A newfound awareness of our reliance on and embeddedness in fragile ecosystems led many readers to consider the likely impact of climate change on human societies and the fragility of global civilization itself. Some described being surprised by the social, cultural, and political repercussions of climate change—not the scientific facts of drought, sea level rise, and species extinction, but their potential impacts on everyday life and the “structure of feeling” of a near future in which climate change is an undeniable, palpable presence. A young freelancer wrote of Clara Hume’s Back to the Garden,64 a lyrical tour of a postapocalyptic but resilient North America, “The characters in this book really made me see how climate change could affect me on a far more personal level—one in relation to my family and friends—which I had never really pondered before.”65 By explicitly framing familiar experiences such as anxiety, depression, loss, grief, and regret as related to climate change, these novels provided many readers with a vivid sense of the granular and quotidian impacts of unimaginably large-scale changes. These impacts included a heightened consciousness of environmental injustice—the inequitable distribution of risk, vulnerability, and exposure based on race, class, gender, nationality, and other factors. Before reading The Ice People, a public health administrator from Virginia wrote, “I thought about climate change as primarily an environmental issue, but after reading this book, I began to see that it has so many other dimensions that I had not considered. Changes in climate have the potential to change the very fabric of society.” In particular, these ruptures might include “power dynamics between the genders, between people of different classes, and from different areas of the world.”66 Her conclusion and the statements of other readers suggest that climate fiction might be an effective vehicle for cultivating an empathetic awareness of climate injustice, by diminishing the social distance between privileged readers and victims of climate change in the Global South and elsewhere, although this was not the primary focus of any of these works.67
Most readers understood works of climate fiction set in the future to be cautionary tales, not prophecies. They summarized their messages as most authors, critics, and scholars do—as warnings about possible futures. The Healer led a Pennsylvania man to “think about the possibilities if these issues are not mitigated,” while a tech support worker from Arizona claimed that it “reinforced how important preventing the melt down of the polar ice caps really is and how once trees and other aspects of the environment are destroyed how bleak and horrible things could be. The book made me want to do something proactive to prevent that.”68 Similarly, a California accountant claimed that “[The Carbon Diaries: 2015] helped me to imagine a concrete picture of what life would be like if we as a globe do not deal with climate change.”69 As these conditional statements indicate, most readers saw these works as purposeful thought experiments: if we do not change, very bad things will happen. For others, the very clarity of these visions made them seem more likely. Another reader of The Carbon Diaries: 2015, a conservative librarian from Connecticut, noted that the act of “reading about possible real-life events made it seem more concrete and more possible.”70 This formulation suggests that its converse is also true: potential futures will seem less possible if they are more difficult to picture. This is an illustration of the simulation heuristic, a psychological principle that asserts that people tend to determine the likelihood of an event based on their ability to imagine its occurrence.71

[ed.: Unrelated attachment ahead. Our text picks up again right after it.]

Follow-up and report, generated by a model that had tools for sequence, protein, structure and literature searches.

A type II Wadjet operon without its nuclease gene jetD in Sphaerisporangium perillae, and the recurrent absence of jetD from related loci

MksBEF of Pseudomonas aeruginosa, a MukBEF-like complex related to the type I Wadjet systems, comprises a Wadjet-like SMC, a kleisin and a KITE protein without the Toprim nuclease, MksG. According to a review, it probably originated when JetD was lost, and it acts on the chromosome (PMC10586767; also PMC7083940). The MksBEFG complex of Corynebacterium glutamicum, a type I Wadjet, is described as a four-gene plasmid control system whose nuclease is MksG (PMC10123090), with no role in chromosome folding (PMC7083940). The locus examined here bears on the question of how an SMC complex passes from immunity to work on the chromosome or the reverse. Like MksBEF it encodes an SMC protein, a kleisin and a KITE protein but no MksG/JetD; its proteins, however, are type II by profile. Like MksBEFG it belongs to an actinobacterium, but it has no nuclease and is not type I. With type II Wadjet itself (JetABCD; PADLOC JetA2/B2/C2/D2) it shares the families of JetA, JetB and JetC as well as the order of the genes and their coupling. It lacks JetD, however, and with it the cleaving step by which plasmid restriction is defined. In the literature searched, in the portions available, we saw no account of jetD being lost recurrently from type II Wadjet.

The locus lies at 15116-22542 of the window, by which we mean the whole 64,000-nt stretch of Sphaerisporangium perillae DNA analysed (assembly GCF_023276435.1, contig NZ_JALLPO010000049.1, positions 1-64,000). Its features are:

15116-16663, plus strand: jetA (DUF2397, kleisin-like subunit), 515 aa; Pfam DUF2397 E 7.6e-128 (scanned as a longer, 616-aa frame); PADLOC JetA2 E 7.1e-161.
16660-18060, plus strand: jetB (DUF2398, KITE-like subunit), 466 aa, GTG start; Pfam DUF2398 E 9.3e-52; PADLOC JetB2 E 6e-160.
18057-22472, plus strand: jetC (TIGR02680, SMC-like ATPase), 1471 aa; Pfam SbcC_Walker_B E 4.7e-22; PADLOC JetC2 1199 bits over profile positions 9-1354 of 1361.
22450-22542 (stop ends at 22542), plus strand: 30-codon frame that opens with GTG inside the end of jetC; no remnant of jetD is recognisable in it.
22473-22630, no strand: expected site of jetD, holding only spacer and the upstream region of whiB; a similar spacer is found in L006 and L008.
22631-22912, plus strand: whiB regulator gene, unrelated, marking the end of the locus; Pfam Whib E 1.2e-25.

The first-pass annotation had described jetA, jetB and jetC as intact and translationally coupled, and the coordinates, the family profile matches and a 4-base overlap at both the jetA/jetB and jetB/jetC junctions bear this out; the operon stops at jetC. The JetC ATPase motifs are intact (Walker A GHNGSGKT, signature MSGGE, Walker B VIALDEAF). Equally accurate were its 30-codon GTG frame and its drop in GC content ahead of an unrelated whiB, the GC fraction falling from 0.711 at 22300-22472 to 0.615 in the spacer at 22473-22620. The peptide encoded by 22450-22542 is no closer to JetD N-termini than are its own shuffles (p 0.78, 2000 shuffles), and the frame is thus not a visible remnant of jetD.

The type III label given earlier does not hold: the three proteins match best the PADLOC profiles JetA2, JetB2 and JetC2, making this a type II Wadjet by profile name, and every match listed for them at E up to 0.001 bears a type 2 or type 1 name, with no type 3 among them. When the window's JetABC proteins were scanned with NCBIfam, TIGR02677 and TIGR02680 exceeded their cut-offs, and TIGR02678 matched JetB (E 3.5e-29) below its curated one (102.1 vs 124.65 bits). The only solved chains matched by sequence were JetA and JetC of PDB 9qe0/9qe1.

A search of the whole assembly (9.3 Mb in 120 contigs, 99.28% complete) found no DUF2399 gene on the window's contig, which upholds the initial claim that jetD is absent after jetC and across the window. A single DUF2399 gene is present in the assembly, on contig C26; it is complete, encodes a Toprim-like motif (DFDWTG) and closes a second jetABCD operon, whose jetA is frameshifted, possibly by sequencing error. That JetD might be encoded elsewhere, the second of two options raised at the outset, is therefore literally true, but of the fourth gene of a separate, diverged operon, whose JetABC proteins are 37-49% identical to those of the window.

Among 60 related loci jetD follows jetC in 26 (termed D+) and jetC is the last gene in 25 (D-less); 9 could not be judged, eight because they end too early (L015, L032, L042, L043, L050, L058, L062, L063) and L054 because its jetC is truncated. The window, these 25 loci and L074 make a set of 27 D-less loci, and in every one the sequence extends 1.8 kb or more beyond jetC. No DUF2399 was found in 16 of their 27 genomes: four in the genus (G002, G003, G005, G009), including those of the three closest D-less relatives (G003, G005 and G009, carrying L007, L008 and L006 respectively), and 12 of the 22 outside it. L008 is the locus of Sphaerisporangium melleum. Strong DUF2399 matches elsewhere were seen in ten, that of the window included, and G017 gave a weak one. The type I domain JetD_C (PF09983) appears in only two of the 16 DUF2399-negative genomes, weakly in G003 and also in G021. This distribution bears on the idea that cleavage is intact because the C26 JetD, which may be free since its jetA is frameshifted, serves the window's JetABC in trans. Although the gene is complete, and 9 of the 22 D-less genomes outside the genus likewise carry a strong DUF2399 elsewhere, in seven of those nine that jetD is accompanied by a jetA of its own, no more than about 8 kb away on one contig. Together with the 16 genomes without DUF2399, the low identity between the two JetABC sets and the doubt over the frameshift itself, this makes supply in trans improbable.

Indeed, numerous readers used the words real or realistic to describe novels set in the distant future. A conservative man in New York noted that “[The Carbon Diaries: 2015] made me look at what is happening in a realistic way that instilled fear into me.” Though he “found it crazy how the book entailed a switch from modern day life as we know it” to a carbon-regulated future, it was convincing because he “could actually see the governments regulating things like this.”72 That is, the book’s political logic rang true, and this verisimilitude increased his assessment of its probability. For many readers, narratives were deemed “realistic” if they could empathize with specific textual elements. As Suzanne Keen has noted, among the narrative features seen as particularly conducive to generating empathetic responses are “vivid use of setting” and techniques that enable “character identification.”73 Though character identification was common in these responses, a personal connection to setting (place) was also mentioned frequently. For example, an IT worker from Florida wrote that “Ultimatum talks about Miami being washed into the sea which hits close to home because while I don’t live in Miami now, I’m from the South Florida area.” He added, “All books that I read open my eyes. They make you feel more aware of the reality of the world.”74 This reader draws from the familiarity of the novels’ location a claim about its ability to depict—significantly, through feeling—the “reality” of a future world. We might conclude from this and other comments that the geographical setting of climate fiction matters a great deal, because it can capitalize on spatial proximity or potentially decrease spatial distance. Readers may be more likely to find diegetic events believable or “realistic” if they identify with the work’s setting, which speaks to the value of regionally specific ecofiction.75